Ex-Rumsfeld deputy describes Iraq as 'major debacle'
Iraq_report The Iraq war has turned into a "major debacle," a former Pentagon official writes in a report published by the National Defense University in Washington.
"Measured in blood and treasure, the war in Iraq has achieved the status of a major war and a major debacle," Joseph Collins writes at the beginning of his 60-page article.
Collins, a retired Army colonel, served as a senior DoD official under Paul Wolfowitz and Donald Rumsfeld.
Among the conclusions he reaches in Choosing War: The Decision to Invade Iraq and Its Aftermath:
Globally, U.S. standing among friends and allies has fallen. Our status as a moral leader has been damaged by the war, the subsequent occupation of a Muslim nation, and various issues concerning the treatment of detainees. At the same time, operations in Iraq have had a negative impact on all other efforts in the war on terror, which must bow to the priority of Iraq when it comes to manpower, materiel, and the attention of decisionmakers. Our Armed Forces—especially the Army and Marine Corps—have been severely strained by the war in Iraq. Compounding all of these problems, our efforts there were designed to enhance U.S. national security, but they have become, at least temporarily, an incubator for terrorism and have emboldened Iran to expand its influence throughout the Middle East. As this case study is being written, despite impressive progress in security during the surge, the outcome of the war is in doubt.
... To date, the war in Iraq is a classic case of failure to adopt and adapt prudent courses of action that balance ends, ways, and means. After the major combat operation, U.S. policy has been insolvent, with inadequate means for pursuing ambitious ends. It is also a case where the perceived illegitimacy of our policy has led the United States to bear a disproportionate share of the war’s burden. U.S. efforts in Iraq stand in stark contrast to the war in Afghanistan, where, to the surprise of many, U.S. friends and allies have recently taken up a larger share of the burden of that conflict. Afghanistan has become the North Atlantic Treaty Organization’s (NATO’s) war, but the war in Iraq has increasingly become only a U.S. and Iraqi struggle.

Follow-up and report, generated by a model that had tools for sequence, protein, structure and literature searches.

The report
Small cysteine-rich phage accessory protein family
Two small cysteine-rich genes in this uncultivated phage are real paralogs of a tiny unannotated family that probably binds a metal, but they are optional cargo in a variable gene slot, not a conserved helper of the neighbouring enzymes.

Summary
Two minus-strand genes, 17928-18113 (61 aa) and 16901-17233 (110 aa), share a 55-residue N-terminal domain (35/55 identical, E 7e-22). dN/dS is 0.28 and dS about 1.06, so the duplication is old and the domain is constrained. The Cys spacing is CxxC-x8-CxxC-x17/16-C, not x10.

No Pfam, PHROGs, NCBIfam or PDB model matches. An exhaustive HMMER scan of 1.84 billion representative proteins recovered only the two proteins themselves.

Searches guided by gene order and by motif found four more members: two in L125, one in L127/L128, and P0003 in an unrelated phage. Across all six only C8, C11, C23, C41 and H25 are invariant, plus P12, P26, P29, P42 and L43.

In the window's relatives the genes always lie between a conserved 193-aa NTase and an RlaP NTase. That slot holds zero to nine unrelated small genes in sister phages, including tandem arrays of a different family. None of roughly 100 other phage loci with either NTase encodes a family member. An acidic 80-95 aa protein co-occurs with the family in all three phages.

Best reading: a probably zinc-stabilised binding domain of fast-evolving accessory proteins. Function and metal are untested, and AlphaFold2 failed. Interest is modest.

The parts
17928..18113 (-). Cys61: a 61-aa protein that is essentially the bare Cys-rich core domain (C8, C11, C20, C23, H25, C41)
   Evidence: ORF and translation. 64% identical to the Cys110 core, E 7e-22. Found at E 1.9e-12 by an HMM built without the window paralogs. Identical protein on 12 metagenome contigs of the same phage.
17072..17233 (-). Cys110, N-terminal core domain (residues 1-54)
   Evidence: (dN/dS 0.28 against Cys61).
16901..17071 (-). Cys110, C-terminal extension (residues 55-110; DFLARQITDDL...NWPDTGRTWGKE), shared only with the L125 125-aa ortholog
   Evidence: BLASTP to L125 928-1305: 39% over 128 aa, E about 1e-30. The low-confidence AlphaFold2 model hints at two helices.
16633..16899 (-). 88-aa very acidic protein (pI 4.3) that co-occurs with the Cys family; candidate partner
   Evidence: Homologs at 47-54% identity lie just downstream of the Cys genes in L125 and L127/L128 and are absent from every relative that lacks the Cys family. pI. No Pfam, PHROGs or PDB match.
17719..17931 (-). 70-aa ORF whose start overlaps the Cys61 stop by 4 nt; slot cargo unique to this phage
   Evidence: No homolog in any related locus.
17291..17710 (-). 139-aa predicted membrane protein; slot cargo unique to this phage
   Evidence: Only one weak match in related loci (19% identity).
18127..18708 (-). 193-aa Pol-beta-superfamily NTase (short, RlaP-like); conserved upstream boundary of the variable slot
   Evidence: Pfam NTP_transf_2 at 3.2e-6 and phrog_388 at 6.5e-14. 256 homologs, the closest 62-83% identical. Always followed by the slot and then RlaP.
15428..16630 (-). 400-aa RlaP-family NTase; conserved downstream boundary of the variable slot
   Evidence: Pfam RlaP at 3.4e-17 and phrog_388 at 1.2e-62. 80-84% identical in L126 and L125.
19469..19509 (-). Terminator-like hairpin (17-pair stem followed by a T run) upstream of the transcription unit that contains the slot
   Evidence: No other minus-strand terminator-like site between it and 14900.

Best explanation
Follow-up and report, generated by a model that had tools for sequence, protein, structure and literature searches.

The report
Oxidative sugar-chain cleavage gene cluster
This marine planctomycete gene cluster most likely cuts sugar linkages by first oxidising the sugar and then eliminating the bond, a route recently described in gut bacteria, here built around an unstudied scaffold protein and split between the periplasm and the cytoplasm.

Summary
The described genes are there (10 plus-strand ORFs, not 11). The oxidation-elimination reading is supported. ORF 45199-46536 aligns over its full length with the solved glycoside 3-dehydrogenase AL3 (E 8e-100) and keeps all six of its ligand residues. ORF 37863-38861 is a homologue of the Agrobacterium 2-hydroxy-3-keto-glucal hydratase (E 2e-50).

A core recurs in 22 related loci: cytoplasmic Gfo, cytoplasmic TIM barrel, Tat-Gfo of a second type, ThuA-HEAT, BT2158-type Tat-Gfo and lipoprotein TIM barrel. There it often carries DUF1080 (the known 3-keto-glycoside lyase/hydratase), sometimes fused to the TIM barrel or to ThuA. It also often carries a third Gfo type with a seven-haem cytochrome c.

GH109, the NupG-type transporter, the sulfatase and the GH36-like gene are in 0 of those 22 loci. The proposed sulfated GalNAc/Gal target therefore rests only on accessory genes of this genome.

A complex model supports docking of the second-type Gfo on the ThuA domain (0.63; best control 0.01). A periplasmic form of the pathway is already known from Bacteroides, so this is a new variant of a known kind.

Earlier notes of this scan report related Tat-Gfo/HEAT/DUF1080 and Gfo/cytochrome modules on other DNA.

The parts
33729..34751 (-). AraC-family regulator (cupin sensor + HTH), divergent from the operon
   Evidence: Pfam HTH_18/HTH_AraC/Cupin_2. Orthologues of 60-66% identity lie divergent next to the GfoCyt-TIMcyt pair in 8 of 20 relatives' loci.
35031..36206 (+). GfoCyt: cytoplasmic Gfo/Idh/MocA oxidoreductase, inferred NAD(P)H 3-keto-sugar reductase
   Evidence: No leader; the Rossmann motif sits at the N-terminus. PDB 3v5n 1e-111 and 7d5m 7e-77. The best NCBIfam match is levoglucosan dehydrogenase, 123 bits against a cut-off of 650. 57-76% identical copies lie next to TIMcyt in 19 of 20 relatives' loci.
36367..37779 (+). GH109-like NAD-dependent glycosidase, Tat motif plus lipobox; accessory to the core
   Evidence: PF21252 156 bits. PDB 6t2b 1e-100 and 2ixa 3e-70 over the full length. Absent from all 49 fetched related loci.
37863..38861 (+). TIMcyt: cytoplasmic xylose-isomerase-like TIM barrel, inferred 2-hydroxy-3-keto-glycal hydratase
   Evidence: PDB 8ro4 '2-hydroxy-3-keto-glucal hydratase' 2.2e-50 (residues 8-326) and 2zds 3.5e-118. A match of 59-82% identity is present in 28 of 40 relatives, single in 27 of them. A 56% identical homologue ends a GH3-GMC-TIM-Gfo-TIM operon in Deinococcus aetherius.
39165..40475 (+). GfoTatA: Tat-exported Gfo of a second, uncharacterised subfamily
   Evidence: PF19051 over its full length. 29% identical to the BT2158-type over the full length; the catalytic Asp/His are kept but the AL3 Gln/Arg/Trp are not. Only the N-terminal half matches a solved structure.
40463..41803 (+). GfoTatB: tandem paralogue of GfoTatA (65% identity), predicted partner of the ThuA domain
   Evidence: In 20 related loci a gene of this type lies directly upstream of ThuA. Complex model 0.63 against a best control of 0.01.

... The central finding of this study is that U.S. efforts in Iraq were hobbled by a set of faulty assumptions, a flawed planning effort, and a continuing inability to create security conditions in Iraq that could have fostered meaningful advances in stabilization, reconstruction, and governance. It is arguable whether the Iraqis will develop the wherewithal to create ethnic reconciliation and build a coherent national government. It is clear, however, that the United States and its partners have not done enough to create conditions in which such a development could take place. With the best of intentions, the United States toppled a vile, dangerous regime but has been unable to replace it with a stable entity. Mistakes in the Iraq operation cry out for improvements in the U.S. decisionmaking and policy execution systems. In turn, these improvements will require major changes in the legislative and executive branches, as well as in interagency processes.
McClatchy Newspapers, the first to report on this article, says Collins goes on to blame his former bosses for many of the problems at the outset of hostilities. He writes that "senior national security officials exhibited in many instances an imperious attitude, exerting power and pressure where diplomacy and bargaining might have had a better effect," according to McClatchy.
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